# What does $\sum\limits_{n=1}^{N-1} \frac{1}{n} - \sum_{n=3}^{N+1} \frac{1}{n}$ simplify to?

A solution to one of the exercises in my text states:

$$\sum\limits_{n=1}^{N-1} \frac{1}{n} - \sum_{n=3}^{N+1} \frac{1}{n} = \frac{1}{1} + \frac{1}{2} - \frac{1}{N} - \frac{1}{N+1}$$

I have no idea how to get the right hand side of the above equation.

I do realize that the left hand side involves finite sums of harmonic series which as far as I know, there is no closed form solution. So I am really puzzled as to the manipulations to be done to arrive at the right hand side. Please tell me how to get the left right hand side.

Judging by how my solution states it, it seems like this is a standard result. So please also let me know what are the properties of summation that are being used so that I can solve similar questions myself in the future.

Note that $$\sum_{n=1}^{N-1}\frac 1n=\frac 11+\frac 12+\color{red}{\frac{1}{3}+\frac14+\cdots+\frac{1}{N-1}}$$ and that $$\sum_{n=3}^{N+1}\frac 1n=\color{red}{\frac{1}{3}+\frac{1}{4}+\cdots+\frac{1}{N-1}}+\frac{1}{N}+\frac{1}{N+1}$$

• I wanted to write an answer, but this just sums up too perfectly what I wanted to say. – 5xum May 4 '15 at 11:24
• Thank you so much for this answer. It is so obvious now. Could you explain how you saw this relationship? Looking at the left hand side, it was not obvious to me that there are terms going to be cancelled. – mauna May 4 '15 at 11:32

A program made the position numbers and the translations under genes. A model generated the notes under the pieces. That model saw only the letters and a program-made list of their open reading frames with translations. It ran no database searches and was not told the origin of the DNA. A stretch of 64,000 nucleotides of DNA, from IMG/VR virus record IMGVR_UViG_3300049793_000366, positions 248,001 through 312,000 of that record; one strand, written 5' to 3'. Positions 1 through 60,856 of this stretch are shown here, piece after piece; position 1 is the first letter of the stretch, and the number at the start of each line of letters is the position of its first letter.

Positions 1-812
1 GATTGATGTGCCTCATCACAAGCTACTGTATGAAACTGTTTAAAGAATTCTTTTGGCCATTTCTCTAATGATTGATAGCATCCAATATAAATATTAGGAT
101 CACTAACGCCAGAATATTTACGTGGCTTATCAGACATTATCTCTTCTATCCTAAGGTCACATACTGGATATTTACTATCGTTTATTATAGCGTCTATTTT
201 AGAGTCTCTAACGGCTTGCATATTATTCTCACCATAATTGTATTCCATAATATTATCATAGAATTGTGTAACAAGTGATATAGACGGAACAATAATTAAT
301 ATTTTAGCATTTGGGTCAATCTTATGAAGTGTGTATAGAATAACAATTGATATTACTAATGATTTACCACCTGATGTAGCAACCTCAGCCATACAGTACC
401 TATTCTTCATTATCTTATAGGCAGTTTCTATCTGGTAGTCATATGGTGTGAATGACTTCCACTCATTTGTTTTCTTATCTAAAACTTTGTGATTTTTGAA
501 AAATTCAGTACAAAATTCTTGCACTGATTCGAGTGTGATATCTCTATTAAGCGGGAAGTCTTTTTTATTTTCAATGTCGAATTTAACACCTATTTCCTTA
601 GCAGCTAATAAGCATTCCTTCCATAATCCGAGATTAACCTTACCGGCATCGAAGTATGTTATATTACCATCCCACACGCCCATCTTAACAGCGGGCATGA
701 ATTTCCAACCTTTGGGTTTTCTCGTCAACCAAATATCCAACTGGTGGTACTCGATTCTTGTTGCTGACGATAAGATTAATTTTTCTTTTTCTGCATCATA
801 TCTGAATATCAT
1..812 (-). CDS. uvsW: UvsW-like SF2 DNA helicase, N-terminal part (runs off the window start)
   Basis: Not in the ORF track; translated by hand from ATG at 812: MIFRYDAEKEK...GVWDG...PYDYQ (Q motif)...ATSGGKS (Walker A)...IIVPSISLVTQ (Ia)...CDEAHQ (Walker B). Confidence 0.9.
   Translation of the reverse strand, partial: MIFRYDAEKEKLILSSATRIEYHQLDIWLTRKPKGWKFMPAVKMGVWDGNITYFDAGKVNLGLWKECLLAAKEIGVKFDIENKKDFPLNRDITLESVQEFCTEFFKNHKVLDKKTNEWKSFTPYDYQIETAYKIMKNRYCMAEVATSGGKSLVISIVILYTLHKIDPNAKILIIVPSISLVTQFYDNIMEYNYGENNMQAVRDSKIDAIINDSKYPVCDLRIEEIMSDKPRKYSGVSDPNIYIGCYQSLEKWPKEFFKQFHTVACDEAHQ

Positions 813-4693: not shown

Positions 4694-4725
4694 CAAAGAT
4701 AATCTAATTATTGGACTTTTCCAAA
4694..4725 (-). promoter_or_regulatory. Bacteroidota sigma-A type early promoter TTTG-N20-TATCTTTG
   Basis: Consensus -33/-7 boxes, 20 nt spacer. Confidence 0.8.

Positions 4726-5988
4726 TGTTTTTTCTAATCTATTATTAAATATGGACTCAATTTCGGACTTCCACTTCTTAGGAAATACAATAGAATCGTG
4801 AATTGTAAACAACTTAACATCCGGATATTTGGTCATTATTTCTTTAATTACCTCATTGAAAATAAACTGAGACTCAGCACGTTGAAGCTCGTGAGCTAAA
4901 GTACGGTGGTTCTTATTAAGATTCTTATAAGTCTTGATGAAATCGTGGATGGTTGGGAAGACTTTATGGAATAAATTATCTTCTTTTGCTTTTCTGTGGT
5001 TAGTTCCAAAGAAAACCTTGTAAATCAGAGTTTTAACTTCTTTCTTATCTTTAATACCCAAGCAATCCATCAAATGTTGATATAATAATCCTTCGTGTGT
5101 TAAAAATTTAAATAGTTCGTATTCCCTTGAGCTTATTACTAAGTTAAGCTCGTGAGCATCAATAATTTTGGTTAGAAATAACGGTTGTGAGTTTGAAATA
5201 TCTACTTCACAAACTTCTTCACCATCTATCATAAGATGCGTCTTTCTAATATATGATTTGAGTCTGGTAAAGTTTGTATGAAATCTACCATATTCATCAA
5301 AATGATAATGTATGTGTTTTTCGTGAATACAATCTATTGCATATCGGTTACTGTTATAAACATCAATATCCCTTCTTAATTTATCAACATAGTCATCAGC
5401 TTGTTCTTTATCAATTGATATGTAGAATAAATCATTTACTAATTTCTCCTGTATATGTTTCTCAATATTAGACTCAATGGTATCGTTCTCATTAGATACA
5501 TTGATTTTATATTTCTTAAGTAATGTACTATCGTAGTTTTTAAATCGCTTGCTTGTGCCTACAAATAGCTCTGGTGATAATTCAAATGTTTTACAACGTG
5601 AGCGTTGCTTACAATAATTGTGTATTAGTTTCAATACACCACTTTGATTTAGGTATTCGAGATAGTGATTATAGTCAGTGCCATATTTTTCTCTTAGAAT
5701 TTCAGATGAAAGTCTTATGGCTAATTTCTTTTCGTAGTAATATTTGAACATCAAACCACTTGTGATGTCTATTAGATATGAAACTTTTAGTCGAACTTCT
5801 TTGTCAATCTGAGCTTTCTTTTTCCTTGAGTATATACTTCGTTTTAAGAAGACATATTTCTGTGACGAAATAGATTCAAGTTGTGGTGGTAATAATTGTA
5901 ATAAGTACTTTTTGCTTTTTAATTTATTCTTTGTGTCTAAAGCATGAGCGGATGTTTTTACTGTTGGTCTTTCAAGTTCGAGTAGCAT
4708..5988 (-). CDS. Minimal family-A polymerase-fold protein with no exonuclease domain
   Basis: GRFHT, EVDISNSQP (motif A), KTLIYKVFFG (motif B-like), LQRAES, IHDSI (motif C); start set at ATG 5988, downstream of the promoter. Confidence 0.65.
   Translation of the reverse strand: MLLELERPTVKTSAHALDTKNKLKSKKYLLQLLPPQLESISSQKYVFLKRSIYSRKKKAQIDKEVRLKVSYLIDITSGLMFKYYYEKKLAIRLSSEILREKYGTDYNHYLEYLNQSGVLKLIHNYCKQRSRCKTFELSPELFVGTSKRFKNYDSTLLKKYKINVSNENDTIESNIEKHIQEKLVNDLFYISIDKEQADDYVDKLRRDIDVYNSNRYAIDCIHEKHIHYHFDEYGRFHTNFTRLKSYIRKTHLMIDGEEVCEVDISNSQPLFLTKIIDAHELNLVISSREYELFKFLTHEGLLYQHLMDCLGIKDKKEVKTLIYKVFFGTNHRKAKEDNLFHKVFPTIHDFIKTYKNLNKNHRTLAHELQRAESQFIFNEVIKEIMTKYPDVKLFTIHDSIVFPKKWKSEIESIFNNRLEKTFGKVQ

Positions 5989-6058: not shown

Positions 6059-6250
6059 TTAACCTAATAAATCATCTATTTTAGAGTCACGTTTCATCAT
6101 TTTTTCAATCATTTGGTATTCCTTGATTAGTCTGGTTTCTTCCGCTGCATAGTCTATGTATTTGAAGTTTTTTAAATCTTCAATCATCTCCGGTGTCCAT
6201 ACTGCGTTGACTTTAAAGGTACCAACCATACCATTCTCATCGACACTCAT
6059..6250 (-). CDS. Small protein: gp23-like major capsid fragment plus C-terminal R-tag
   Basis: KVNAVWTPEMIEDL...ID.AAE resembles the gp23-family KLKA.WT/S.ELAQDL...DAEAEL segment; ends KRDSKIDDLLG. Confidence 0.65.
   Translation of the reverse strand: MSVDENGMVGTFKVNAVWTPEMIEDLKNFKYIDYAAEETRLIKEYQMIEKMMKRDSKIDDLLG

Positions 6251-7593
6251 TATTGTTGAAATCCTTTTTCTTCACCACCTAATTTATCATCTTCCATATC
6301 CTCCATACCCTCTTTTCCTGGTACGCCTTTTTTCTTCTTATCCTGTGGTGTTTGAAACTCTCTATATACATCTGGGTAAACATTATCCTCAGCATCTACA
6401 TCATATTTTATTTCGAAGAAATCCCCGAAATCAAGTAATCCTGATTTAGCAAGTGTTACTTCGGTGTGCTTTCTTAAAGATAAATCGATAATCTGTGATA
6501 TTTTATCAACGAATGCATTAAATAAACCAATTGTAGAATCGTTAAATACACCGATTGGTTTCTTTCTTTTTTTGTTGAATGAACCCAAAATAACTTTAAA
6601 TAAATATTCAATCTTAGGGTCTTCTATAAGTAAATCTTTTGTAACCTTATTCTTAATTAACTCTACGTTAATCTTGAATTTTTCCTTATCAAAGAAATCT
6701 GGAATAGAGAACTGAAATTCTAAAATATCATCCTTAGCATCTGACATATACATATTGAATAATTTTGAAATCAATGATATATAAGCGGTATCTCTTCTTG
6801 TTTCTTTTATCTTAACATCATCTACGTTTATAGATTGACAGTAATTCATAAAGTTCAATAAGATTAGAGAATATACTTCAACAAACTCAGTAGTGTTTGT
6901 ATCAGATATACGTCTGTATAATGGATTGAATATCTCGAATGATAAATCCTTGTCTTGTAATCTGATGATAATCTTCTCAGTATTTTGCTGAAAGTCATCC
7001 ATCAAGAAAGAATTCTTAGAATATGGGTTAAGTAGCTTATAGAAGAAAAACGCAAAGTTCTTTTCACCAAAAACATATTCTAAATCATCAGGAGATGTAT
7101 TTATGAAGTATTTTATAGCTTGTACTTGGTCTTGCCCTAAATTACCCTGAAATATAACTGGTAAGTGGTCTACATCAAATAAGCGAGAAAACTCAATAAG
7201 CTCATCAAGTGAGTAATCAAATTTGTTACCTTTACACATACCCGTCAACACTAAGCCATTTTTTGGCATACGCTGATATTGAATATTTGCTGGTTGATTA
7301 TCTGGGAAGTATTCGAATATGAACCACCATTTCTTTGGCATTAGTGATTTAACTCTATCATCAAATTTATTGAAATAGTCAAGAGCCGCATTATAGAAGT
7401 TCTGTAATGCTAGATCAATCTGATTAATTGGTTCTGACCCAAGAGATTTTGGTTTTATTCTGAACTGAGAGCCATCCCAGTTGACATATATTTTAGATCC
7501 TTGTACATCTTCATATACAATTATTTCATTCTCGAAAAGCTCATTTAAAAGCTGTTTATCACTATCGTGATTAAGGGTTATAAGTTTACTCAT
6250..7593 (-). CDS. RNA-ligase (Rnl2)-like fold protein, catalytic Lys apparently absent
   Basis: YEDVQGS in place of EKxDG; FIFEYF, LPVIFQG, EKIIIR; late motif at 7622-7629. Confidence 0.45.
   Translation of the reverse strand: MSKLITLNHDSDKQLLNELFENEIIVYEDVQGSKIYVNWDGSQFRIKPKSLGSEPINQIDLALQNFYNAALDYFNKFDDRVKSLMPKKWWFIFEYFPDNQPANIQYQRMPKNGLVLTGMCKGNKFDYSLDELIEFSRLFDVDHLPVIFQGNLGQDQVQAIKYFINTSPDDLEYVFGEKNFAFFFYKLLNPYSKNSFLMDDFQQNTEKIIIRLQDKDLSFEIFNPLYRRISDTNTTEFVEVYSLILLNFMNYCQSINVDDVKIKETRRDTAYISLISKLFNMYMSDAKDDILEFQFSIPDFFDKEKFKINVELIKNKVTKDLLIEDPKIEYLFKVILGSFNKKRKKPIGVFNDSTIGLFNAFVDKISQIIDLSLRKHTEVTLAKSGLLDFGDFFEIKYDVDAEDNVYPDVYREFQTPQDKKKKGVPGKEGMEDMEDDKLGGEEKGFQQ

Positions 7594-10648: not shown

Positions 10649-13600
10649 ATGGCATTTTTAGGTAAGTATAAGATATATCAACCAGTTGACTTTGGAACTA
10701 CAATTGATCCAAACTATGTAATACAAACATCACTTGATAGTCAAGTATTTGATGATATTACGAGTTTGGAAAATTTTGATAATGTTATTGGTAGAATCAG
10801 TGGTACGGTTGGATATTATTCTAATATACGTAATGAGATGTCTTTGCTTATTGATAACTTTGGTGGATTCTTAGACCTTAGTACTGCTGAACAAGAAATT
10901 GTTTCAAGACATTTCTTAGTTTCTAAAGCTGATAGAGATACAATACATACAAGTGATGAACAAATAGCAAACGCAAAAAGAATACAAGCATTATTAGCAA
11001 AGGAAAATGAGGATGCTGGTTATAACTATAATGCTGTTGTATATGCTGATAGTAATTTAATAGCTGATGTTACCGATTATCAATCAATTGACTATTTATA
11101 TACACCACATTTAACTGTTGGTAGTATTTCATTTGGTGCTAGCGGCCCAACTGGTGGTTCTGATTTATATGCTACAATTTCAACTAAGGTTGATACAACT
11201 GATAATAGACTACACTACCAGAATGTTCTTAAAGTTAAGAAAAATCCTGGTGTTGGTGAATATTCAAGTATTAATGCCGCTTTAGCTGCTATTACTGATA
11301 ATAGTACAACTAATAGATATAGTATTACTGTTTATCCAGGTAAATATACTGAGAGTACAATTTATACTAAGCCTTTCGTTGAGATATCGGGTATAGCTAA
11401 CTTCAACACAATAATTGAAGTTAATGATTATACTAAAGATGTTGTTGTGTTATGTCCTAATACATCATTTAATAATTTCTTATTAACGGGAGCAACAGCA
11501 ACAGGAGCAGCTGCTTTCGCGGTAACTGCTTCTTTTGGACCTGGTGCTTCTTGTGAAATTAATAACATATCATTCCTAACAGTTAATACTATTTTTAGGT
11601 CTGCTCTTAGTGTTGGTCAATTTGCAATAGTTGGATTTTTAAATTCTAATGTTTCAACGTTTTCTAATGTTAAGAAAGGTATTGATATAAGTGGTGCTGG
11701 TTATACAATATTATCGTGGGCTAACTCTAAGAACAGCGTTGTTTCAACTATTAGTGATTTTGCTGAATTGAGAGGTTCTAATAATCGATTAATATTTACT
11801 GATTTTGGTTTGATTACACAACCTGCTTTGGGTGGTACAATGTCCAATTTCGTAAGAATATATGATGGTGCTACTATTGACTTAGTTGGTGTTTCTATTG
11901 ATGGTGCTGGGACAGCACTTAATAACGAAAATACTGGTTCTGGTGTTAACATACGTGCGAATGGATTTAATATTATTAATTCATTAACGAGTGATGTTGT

• @mauna: Well, since $1$ is near to $3$ and $N-1$ is near to $N+1$, so you can see that many terms can be cancelled. – mathlove May 4 '15 at 11:37

$\sum_{n=1}^{N-1}\frac{1}{n}-\sum_{n=3}^{N+1}\frac{1}{n}$

$=\frac{1}{1}+\frac{1}{2}+\sum_{n=3}^{N-1}\frac{1}{n}-\sum_{n=3}^{N-1}\frac{1}{n}-\frac{1}{N}-\frac{1}{N+1}$

$=\frac{1}{1}+\frac{1}{2}-\frac{1}{N}-\frac{1}{N+1}$

As for the harmonic series, this isn't a harmonic series per se, rather it is a difference of finite harmonic series with just different boundaries of summation, which should clear up why such a closed form is possible.

First thing to notice:

$$\sum_{n=1}^{N-1}\frac 1n=\frac 11+\frac 12+\cdots+\frac{1}{N-1}$$ and that $$\sum_{n=3}^{N+1}\frac 1n=\frac{1}{3}+\cdots+\frac{1}{N}+\frac{1}{N+1}$$

So what we get:

$$\left(\sum_{n=1}^{N-1}\frac 1n\right)-\left(\sum_{n=3}^{N+1}\frac 1n\right)=\frac{3}{2}-\frac{2N+1}{N^2+N}$$